• Legendary Tex-Mex singer Selenanote  had just one English hit with "Dreaming of You" in 1995, the same year she was tragically murdered. Her song "I Could Fall In Love" was a radio hit before "Dreaming of You", but wasn't eligible for the Hot 100 due to not being released as a single.
  • She Moves' "Breaking All the Rules" cracked the top 40 in 1997, but a cover of Tim McGraw and Faith Hill's "It's Your Love" stalled in the 60s.
  • Silver had a hit in 1976 with "Wham Bam" but were never heard from again. Keyboardist Brent Mydland later joined The Grateful Dead, while drummer Harry Stinson became a session musician in Country Music. Also, lead vocalist John Batdorf (son of Country Music singer Earl Scott, also a one-hit wonder) previously had a few minor hits as Batdorf and Rodney.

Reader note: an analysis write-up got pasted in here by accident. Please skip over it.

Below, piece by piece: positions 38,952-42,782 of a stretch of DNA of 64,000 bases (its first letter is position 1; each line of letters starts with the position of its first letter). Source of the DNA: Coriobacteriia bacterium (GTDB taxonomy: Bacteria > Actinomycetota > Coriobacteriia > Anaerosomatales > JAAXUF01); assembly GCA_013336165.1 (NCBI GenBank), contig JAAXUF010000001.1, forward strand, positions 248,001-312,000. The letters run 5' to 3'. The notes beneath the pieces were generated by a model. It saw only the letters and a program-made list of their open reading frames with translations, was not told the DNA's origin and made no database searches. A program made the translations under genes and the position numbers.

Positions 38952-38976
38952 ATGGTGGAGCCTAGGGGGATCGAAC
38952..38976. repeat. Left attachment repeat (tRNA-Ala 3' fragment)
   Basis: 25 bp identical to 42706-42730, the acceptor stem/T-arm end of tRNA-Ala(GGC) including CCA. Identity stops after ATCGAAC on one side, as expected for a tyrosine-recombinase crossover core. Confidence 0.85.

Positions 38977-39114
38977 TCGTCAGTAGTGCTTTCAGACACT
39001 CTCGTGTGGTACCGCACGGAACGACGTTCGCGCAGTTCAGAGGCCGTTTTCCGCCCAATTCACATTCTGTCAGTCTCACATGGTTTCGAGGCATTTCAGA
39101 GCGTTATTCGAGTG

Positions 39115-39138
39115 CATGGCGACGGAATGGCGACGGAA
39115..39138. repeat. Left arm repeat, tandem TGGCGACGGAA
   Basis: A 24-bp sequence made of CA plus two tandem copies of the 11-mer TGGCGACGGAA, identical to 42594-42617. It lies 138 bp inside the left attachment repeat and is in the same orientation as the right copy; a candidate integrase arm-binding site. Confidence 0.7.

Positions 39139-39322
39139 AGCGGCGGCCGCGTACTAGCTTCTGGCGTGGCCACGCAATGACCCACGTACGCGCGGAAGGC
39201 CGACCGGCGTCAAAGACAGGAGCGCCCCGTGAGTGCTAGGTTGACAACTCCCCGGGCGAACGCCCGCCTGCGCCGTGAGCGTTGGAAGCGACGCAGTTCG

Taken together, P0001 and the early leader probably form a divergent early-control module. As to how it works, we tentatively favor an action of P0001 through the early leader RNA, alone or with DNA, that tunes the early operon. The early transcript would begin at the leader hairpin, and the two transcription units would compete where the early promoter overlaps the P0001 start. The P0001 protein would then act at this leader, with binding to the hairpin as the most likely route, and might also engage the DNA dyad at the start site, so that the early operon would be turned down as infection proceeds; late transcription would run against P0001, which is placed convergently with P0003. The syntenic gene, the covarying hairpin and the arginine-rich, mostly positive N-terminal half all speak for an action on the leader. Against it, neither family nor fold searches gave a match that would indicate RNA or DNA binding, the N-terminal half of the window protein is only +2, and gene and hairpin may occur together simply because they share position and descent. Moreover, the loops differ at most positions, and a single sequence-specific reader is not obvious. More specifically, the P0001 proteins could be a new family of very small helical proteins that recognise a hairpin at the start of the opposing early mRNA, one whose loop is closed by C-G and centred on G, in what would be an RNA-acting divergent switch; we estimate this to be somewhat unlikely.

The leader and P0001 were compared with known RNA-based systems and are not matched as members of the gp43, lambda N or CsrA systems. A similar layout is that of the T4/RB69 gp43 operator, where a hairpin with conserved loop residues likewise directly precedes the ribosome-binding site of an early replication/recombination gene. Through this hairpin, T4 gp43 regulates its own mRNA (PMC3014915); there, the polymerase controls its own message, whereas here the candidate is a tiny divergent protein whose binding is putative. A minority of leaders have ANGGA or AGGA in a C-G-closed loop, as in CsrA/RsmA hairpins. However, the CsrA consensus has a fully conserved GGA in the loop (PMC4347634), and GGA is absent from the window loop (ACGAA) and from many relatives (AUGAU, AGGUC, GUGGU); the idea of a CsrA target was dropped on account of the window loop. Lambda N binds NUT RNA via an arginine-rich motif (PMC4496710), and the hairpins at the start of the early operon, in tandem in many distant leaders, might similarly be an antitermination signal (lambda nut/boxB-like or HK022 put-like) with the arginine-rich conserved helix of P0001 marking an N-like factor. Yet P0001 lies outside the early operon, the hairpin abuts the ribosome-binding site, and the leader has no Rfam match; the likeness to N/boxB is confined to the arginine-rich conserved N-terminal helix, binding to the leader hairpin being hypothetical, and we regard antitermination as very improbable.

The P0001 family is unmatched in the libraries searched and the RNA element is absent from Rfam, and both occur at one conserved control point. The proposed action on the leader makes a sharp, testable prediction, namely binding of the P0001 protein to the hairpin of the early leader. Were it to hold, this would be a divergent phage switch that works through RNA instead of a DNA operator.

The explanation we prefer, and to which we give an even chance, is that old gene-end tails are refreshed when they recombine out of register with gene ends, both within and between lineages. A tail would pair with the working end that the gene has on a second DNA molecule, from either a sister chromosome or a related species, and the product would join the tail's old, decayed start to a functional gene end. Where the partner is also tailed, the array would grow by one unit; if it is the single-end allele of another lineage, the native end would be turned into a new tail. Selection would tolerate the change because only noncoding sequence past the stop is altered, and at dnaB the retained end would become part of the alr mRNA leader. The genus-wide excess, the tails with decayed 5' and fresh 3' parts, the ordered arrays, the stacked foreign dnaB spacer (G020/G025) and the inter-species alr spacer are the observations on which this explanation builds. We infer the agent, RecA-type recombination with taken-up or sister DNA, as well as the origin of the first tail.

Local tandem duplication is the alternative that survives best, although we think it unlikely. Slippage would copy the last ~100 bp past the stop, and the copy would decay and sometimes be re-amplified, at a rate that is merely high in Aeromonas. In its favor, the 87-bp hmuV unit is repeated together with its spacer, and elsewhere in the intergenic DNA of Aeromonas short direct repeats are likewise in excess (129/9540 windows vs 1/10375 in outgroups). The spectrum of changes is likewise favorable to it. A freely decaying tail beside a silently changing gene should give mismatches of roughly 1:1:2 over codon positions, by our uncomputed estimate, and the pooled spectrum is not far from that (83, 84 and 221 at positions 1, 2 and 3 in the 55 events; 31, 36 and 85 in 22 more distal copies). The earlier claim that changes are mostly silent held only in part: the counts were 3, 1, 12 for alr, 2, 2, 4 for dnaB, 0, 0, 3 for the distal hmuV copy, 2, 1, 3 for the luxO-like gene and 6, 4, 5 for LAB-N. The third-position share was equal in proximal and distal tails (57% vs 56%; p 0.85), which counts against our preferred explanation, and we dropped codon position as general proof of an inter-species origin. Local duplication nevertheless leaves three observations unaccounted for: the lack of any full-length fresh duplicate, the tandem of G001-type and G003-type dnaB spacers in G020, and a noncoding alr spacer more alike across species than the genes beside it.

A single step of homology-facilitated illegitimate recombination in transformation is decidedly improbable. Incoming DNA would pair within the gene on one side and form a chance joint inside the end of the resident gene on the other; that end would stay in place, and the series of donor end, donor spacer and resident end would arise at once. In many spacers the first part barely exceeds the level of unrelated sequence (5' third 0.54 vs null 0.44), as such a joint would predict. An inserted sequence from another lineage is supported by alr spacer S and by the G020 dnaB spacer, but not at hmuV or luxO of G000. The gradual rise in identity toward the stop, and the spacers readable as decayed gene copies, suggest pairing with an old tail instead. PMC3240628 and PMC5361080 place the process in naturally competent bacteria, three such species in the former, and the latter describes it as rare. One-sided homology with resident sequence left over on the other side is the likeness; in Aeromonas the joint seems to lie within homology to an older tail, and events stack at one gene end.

• French singer Soko had a top 10 hit with "We Might Be Dead By Tomorrow" after it was being featured in a viral video featuring random couples kissing. The song plummeted off the Hot 100 the next week due to the viral video vanishing as quickly as it came.
  • SoulDecision had their one and only hit with 1999's "Faded", which reached the top of the Canadian singles chart and became a major American hit the next year. After two other top 20 hits, a lack of support from the Canadian music industry killed their follow-up, Shady Satin Drug, and they disbanded soon afterwards.
    • Former lead singer Trevor Guthrie's solo career had a resurgence in 2013, after he was featured as a guest vocalist on Armin van Buuren's song "This Is What It Feels Like", which cracked the Top 10 on both the Canada and U.S. dance charts. He's since managed a few modest hits in his homeland.